Picking And Pressing Grapes From The Vine

Learn how grapes are picked from a vine. Information on how grapes are pressed to make juice from them.

Grape harvesting is an age-old tradition that still occurs to this day. Throughout many areas of the world, grapes are picked by hand and processed using methods that were devised centuries ago and that were handed down from generation to generation.

Grapes are typically harvested in the Fall, from September through mid-October, depending on a grape's growing region and the region's climate. However, certain types of grapes, which are cultivated to make high-quality sweet wines, are harvested late in the season. These grapes are sometimes harvested in November or the beginning of December until light snow falls in the area. The grape picking process is a lengthy procedure and one that is taken seriously by grape growers.

The grape picking process involves workers who pick, gather, and process the grapes. When a grape is ready to be picked, workers take to the fields. Pickers line the vineyard rows where the grapes are located equipped with a bucket and a shear or strong scissors. At each grapevine, the pickers stop and cut-off a group of grapes. A group of grapes consists of all the grapes that grow from one larger stem. The pickers then take these grapes and place them in their buckets, collecting more grape groups until their bucket is full. At this point, gatherers collect the bucket's contents from the pickers. Gatherers walk the vineyard rows with large, 20-gallon tubs strapped on their backs and place the pickers' grapes in them or, they will drive among the rows on small, motorized vehicles that have large collection tubs located in the back of the vehicle. Once the gatherers have collected the grapes from the pickers, they take them to a pressing area where the grapes will be processed.



At the grape pressing area, processing can occur using different methods. Three of these methods are as follows:

1. The grapes, including their skin and stems, are placed into a shredder that is either hand-driven or powered by an electric motor. This shredding process allows the grapes to be smashed into smaller pieces prior to their pressing. The product that result's from the grape shredding is then placed into a grape press.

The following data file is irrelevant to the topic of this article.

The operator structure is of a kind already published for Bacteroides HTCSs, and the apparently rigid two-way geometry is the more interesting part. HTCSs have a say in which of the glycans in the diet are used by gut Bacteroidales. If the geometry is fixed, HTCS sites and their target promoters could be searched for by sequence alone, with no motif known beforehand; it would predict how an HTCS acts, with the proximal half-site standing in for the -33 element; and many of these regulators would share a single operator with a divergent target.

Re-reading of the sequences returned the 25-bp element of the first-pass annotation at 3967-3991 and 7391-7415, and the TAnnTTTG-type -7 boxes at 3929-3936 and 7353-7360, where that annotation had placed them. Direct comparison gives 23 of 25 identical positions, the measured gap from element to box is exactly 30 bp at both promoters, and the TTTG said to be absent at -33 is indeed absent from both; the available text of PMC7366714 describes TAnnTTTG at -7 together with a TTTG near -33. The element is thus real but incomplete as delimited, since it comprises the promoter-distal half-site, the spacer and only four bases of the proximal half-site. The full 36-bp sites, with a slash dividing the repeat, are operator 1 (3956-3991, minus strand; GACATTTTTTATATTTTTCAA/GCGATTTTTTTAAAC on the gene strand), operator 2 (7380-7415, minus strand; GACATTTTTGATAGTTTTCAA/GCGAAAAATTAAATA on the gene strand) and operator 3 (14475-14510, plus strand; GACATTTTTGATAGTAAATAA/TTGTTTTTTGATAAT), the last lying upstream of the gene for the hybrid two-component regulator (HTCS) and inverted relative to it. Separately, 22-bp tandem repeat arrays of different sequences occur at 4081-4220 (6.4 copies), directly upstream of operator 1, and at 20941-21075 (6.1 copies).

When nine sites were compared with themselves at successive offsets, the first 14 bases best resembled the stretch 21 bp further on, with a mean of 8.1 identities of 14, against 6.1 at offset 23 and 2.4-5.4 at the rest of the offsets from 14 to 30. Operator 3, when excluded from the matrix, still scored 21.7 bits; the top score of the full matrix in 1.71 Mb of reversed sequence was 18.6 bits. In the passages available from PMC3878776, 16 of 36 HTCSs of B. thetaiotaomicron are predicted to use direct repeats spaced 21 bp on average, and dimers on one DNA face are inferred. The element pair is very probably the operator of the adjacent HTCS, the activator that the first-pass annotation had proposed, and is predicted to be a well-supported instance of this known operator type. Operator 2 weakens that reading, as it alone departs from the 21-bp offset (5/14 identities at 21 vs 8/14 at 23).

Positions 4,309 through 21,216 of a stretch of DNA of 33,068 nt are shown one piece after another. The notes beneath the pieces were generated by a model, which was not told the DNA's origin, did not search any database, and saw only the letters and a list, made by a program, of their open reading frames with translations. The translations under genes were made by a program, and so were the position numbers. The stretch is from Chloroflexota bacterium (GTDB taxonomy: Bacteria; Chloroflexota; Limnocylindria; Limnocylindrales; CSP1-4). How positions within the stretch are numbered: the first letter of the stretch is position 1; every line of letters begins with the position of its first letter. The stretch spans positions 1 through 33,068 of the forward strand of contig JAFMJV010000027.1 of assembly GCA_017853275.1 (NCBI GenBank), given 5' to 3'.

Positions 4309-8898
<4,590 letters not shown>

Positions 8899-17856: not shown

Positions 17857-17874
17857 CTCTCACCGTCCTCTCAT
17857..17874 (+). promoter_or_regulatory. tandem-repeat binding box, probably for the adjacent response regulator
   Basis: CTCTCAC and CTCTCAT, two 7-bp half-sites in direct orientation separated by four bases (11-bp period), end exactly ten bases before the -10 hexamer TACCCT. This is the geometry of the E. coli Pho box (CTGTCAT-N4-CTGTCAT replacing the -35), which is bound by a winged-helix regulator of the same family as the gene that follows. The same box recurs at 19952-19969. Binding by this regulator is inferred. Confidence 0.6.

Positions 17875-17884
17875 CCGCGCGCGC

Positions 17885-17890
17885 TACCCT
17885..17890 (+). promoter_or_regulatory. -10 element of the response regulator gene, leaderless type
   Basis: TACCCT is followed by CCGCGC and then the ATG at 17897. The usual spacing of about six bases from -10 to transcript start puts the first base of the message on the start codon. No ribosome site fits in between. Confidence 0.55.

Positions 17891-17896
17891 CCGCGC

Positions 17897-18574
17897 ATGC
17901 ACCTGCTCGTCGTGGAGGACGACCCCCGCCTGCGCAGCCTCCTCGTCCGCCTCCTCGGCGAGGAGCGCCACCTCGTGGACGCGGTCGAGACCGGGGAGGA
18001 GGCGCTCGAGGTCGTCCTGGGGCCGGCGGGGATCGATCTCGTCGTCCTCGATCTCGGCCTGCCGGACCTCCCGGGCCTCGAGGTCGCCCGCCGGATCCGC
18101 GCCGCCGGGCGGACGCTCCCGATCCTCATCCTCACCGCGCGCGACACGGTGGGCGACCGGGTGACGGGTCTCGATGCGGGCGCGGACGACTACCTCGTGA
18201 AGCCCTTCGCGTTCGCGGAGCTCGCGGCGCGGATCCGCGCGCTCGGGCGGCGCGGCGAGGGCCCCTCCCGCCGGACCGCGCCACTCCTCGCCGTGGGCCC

2. The grapes, including their skin and stems, are placed into a large wooden vat where workers using their bare feet stomp on them. The product that results from the grape stomping is then placed into a grape press. This is the oldest and most traditional method used for initially processing grapes.

3. The grapes, including their skin and stems, are placed directly into a grape press.

Once grapes have been prepared for processing, they are placed into the grape press. A grape press is a device that is made from different materials and varies in size and design depending on the grape-growing region. A common press type consists of a metal base, which has gutters around its perimeter that are used to collect grape juice as it is extracted from the grapes. Additionally, the press design features a basket that sits on top of the metal base. This basket is made from vertical, thick hard wood slats that are connected by metal strips. A metal threaded spindle is also positioned through the center of the basket and down to the metal base. Many times, when pressing grapes, the basket will also be lined with sackcloth. This is done so that the grape's skin and flesh will not be able to squeeze through any spaces that may exist between the wooden slats.

When pressing is to occur, the grapes are placed into the basket, all the way to the top. Any sackcloth that was folded over the sides of the basket is now folded into the basket to cover the grapes. Next, two pieces of wood approximately 1 1/2 inches thick, are placed on top of the grapes. These pieces are circular in shape and are made to fit into the basket to cover the grapes and to allow the spindle to poke through. Additional strips of thick wood are then placed diagonally on top of one another, stacking them up until there is just enough room left to insert a pressing mechanism onto the spindle. Pressing mechanisms vary in design and are either manual or hydraulic driven. Early grape press mechanisms, on whose design modern-day presses rely, featured a heavy nut on whose bottom a metal plate was welded and on whose top, a lever was placed. The pressing mechanism was then placed on top of the spindle and workers would walk around the press, pushing the lever in a clockwise direction as they walked. With each rotation, the nut and plate would move down the spindle until the plate rested on top of the woodpile. The compression continued until all the grapes' juices would drain from the press into a collection area. The collected juice would then be moved to a barrel for storage.

Today's grape pressing techniques have not strayed too far from the techniques of old. However, procedures for collecting and storing the extracted juice may be more sanitary than previous times. Pressing grapes is a custom that will be followed in the future as long as vineyards exist and there are people willing to take the time to harvest and process the grapes using traditional methods.

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